The Business Gateway service said it advised 10,153 start-ups in the year to March up five per cent, 536, on the 9,617 it helped in the preceding year.
The organisation handled a record 48,280 enquiries from start-ups, an increase of 13 per cent on the 42,725 received in the preceding year.
Hugh Lightbody, chief officer of the national unit of Business Gateway, said while the increase may have been driven by the wider economic recovery the figures also reflect a growing entrepreneurial culture in Scotland
"It's about confidence, business and consumer confidence, but it's also about ambitions, attitudes. I think people are seeing there are opportunities," said Mr Lightbody.
He highlighted the work of a range of bodies he thought had positively influenced attitudes to entrepreneurship in Scotland.
Mr Lightbody cited the Entrepreneurial Spark programme for young firms, Prince's Trust Scotland, the Scottish Edge awards scheme funded by the Scottish Government and The Herald's SME Focus series.
Although the number of firms Business Gateway helped start up in the year to March was up on the previous 12 months, it was nine per cent lower than the 11,207 helped in 2011-12.
Mr Lightbody noted start up numbers increased in the wake of the global financial crisis of 2008, in line with the trend for starts ups to increase when labour market conditions are tough.
As conditions improved in the labour market in Scotland in the year to March, other drivers may have had a bigger effect on the start-up rate in that period. The Business Gateway numbers provide a more encouraging view of activity in Scotland than those compiled by the Committee of Scottish Clearing Banks.
Members of that organisation recorded an eight per cent fall in start ups in the year to March, to 11,410 compared with 12,465 in the preceding year.
The numbers only cover businesses opening business accounts with Royal Bank of Scotland, Lloyds Banking Group's Bank of Scotland and TSB arms and Clydesdale Bank.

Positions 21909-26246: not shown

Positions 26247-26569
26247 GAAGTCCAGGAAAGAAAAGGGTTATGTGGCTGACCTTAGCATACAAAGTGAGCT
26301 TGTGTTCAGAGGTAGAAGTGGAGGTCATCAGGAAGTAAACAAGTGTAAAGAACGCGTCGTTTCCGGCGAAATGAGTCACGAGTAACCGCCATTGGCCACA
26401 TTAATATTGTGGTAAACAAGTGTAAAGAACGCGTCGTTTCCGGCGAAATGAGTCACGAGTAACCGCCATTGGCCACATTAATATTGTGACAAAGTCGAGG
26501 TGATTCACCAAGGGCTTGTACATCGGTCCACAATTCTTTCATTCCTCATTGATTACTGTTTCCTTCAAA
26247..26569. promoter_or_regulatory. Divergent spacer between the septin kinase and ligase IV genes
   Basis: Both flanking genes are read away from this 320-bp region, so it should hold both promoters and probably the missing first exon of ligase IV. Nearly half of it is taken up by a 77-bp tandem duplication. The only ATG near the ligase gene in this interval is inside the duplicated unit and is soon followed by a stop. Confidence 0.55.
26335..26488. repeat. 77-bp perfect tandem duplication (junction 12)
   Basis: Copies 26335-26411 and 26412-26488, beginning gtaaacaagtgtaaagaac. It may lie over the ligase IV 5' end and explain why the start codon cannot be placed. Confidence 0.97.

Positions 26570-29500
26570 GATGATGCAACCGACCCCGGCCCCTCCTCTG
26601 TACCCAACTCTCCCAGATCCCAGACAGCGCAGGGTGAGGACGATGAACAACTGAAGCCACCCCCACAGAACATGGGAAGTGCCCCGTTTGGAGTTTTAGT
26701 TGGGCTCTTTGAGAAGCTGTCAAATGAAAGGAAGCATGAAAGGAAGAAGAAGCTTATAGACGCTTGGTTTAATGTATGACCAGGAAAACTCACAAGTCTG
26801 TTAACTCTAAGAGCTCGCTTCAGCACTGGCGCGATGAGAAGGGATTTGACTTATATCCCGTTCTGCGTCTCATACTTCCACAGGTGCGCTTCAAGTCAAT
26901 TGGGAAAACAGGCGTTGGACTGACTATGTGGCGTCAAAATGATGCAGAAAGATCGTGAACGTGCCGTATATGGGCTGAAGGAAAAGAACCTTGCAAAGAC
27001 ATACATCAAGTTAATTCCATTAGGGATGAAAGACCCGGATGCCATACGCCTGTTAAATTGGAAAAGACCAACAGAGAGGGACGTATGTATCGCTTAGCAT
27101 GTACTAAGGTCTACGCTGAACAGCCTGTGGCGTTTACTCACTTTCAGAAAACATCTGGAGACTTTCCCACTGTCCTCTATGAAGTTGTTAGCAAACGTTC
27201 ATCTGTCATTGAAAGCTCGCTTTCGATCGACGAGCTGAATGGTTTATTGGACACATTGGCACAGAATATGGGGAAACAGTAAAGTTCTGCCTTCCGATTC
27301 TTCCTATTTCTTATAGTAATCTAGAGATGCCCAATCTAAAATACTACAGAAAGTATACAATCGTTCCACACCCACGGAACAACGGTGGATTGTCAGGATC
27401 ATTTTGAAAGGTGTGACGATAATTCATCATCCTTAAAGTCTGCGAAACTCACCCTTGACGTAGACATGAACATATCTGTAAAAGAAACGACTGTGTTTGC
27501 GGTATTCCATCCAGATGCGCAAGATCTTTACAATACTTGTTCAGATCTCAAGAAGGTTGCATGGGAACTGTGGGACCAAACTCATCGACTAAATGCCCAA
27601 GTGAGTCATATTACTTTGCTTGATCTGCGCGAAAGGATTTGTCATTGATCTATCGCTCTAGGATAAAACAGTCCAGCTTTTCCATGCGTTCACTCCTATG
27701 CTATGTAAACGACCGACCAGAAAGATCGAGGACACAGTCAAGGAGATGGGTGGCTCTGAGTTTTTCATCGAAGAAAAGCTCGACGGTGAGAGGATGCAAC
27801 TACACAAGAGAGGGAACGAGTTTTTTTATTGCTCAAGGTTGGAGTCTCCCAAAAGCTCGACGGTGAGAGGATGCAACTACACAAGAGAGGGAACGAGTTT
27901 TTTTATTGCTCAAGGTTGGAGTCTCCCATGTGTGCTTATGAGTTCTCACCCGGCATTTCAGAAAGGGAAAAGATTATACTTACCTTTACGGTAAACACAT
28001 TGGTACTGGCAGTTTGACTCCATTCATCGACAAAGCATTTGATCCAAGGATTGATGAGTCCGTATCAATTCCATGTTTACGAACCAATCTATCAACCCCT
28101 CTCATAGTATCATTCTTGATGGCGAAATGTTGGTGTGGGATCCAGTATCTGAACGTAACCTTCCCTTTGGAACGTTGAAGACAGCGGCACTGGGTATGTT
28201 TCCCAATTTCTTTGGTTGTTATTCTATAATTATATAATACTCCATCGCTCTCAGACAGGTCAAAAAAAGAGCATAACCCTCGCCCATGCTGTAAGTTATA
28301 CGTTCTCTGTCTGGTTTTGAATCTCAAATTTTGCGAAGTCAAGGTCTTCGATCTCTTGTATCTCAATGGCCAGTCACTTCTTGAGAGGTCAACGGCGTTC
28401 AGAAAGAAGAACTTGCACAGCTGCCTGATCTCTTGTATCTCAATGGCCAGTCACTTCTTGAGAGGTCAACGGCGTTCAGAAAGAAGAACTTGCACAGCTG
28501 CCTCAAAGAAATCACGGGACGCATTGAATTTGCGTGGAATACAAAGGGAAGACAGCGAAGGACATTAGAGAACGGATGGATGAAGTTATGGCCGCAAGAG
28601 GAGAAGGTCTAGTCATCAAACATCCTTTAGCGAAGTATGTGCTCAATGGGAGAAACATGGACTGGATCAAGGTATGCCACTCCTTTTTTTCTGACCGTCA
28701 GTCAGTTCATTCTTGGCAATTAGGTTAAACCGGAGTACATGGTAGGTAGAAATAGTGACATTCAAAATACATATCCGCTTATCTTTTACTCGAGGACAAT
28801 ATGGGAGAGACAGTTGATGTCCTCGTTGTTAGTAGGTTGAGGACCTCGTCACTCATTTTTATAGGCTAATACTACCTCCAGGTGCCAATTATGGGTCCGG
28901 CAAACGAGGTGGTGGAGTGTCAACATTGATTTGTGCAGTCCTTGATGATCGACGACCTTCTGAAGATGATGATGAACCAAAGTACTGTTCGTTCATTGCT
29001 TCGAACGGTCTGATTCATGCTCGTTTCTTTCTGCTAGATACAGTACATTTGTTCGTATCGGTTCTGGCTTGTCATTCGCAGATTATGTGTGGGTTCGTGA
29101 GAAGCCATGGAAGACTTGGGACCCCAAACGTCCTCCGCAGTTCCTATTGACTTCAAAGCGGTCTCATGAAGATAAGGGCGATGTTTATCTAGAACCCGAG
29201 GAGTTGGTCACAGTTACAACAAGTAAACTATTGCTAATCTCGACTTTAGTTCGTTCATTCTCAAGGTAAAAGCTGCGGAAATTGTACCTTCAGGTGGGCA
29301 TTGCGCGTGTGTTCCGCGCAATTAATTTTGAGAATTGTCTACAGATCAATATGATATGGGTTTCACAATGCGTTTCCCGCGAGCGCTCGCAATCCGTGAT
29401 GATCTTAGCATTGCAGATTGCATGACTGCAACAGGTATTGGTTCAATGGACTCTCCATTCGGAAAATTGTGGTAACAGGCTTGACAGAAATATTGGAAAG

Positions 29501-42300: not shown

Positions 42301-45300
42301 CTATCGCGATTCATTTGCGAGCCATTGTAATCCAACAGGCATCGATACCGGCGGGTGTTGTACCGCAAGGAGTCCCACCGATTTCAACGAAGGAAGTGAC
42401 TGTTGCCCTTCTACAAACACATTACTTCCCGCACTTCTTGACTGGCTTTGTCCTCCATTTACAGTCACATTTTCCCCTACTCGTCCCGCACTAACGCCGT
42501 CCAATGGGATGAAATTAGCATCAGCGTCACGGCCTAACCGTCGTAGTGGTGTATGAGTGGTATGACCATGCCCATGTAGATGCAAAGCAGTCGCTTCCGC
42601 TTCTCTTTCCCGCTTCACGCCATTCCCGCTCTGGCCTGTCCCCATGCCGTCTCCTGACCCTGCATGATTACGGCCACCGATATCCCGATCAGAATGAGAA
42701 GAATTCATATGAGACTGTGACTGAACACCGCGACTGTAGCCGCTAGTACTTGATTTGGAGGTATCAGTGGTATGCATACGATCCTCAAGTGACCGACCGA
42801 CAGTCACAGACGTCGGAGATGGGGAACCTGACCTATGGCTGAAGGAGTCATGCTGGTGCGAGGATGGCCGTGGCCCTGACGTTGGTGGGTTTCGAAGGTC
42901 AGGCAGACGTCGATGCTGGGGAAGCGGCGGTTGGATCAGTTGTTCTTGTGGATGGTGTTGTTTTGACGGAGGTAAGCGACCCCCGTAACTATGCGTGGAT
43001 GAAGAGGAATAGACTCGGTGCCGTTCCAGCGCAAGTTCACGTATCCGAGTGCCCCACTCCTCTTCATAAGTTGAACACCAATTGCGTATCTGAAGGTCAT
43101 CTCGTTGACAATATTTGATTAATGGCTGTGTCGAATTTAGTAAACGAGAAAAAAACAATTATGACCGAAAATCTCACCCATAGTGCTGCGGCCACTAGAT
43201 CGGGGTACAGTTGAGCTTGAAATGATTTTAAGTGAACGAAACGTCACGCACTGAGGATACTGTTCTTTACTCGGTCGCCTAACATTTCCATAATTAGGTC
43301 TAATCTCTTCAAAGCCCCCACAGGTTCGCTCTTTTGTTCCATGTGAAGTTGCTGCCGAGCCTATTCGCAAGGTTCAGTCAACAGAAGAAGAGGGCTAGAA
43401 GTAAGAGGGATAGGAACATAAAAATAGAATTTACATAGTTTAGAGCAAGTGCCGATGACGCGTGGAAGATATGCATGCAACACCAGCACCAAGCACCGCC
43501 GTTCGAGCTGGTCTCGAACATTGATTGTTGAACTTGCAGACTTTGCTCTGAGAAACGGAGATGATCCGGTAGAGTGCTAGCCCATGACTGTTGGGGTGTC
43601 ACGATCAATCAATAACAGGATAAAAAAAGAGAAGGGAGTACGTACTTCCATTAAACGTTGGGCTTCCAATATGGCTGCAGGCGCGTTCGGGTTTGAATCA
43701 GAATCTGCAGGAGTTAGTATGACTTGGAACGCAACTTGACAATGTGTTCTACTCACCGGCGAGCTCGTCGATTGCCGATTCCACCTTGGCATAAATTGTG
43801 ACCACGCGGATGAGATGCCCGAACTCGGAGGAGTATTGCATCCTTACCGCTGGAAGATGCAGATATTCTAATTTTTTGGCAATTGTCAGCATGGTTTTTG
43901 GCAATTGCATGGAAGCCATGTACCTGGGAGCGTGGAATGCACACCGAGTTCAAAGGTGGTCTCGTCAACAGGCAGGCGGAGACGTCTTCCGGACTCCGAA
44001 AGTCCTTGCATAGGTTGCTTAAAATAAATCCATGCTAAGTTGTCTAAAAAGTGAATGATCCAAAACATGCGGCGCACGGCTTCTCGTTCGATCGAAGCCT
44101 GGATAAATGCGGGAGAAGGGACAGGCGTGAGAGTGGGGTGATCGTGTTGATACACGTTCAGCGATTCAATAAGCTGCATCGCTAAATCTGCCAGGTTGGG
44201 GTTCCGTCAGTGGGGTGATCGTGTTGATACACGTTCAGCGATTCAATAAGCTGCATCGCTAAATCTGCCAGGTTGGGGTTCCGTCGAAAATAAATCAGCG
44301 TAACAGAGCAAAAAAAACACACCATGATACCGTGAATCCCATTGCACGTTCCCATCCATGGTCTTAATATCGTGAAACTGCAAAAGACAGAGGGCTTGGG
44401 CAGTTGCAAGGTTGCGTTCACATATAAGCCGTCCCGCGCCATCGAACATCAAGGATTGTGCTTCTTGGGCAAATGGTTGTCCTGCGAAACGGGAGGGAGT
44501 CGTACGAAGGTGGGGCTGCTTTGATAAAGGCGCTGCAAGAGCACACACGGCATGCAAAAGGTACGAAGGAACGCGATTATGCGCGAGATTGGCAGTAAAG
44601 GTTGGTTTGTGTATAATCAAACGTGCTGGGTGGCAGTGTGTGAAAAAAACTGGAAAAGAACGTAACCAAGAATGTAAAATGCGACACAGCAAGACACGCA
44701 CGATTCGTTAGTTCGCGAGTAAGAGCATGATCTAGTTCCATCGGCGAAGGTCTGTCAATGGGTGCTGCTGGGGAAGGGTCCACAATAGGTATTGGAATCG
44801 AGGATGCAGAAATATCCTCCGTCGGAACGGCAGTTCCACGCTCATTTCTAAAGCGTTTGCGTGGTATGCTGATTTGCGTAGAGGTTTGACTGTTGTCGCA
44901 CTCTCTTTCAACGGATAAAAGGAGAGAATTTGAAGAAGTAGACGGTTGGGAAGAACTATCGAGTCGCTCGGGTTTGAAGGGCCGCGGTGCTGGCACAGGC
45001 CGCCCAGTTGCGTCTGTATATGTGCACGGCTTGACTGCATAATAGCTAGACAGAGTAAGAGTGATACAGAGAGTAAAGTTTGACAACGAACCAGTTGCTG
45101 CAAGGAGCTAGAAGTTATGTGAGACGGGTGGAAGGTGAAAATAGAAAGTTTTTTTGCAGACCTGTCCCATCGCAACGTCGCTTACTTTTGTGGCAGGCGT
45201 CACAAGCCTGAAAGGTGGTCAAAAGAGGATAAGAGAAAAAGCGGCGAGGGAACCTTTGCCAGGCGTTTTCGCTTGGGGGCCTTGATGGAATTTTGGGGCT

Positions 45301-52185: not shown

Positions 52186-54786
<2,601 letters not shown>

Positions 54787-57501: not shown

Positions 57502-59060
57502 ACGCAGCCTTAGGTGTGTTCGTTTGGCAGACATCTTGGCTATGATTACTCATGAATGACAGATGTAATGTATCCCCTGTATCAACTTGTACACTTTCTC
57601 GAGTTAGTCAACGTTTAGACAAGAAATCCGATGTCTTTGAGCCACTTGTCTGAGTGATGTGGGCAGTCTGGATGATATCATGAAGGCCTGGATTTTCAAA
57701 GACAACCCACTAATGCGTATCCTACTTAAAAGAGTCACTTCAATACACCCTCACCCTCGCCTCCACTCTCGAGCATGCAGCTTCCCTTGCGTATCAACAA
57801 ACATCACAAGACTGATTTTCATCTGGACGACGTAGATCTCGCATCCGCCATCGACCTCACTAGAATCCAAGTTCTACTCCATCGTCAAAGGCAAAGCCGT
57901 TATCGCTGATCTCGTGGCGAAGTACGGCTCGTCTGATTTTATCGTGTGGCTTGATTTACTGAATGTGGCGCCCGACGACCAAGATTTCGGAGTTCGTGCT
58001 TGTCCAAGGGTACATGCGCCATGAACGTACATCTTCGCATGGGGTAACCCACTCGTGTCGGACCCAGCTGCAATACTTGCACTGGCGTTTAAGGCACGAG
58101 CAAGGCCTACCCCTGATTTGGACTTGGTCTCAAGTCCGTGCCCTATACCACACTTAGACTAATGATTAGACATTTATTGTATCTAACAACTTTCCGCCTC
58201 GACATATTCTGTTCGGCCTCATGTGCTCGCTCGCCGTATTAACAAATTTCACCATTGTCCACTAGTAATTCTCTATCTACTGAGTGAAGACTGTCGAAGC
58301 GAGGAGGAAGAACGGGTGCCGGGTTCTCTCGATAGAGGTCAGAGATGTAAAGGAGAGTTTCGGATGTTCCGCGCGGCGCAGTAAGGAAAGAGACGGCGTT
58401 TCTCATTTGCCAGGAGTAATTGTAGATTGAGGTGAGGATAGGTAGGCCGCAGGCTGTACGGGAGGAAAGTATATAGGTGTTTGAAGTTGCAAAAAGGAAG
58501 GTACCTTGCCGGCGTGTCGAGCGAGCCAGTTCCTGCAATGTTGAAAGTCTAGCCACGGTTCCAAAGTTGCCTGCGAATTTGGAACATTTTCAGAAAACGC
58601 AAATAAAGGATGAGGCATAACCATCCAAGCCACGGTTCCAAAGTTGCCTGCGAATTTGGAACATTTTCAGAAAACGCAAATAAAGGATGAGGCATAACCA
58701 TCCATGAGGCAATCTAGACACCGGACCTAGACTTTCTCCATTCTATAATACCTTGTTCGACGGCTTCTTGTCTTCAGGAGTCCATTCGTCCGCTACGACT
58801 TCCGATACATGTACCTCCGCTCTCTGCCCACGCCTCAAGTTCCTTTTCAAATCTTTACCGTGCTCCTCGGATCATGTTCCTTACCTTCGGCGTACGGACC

Mr Lightbody said the numbers collected by Business Gateway showed it provided effective support for existing businesses as well as start ups.
The organisation handled a record 8,786 enquiries from existing businesses, up 21 per cent from around 7,200 in the preceding year.
Business Gateway provided intensive one to one support for over 2,600 growth companies in the latest year, compared with 1,700 the previous year.
The Three Sisters Bake food business run by Reith sisters Gillian, Nichola and Linsey received help from Business Gateway as a start up and then on the growth pipeline programme.
The support has ranged from help with how to access funding to more advanced strategic planning.
"It really has propelled what we were plodding away on ourselves," said Gillian Reith.
Mr Lightbody said: " The research we have indicates that those who do engage with us have a greater survival rate than those that don't."
Business Gateway said Office of National Statistics figures showed the national three-year survival rate is just over 60 per cent. For comparable businesses that have worked with Business Gateway, the survival rate is 81 per cent.
The figures cover businesses that started in Scotland in 2009 and were big enough to have to register for VAT within 18 months of starting up.
Enquiries to local offices increased by 63 per cent annually, to 22,413 in the latest year, from around 13,700 last time. Business Gateway launched a local adviser service in 2012.
The Federation of Small Businesses said the figures showed the Business Gateway brand is strong among Scotland's businesses.
"It's great news that more people are looking to set up in business and Gateway is the perfect place to start," said Colin Borland, the federation's head of external affairs in Scotland.
He added: "Most encouraging is the 21 per cent increase in the number of enquiries from existing businesses.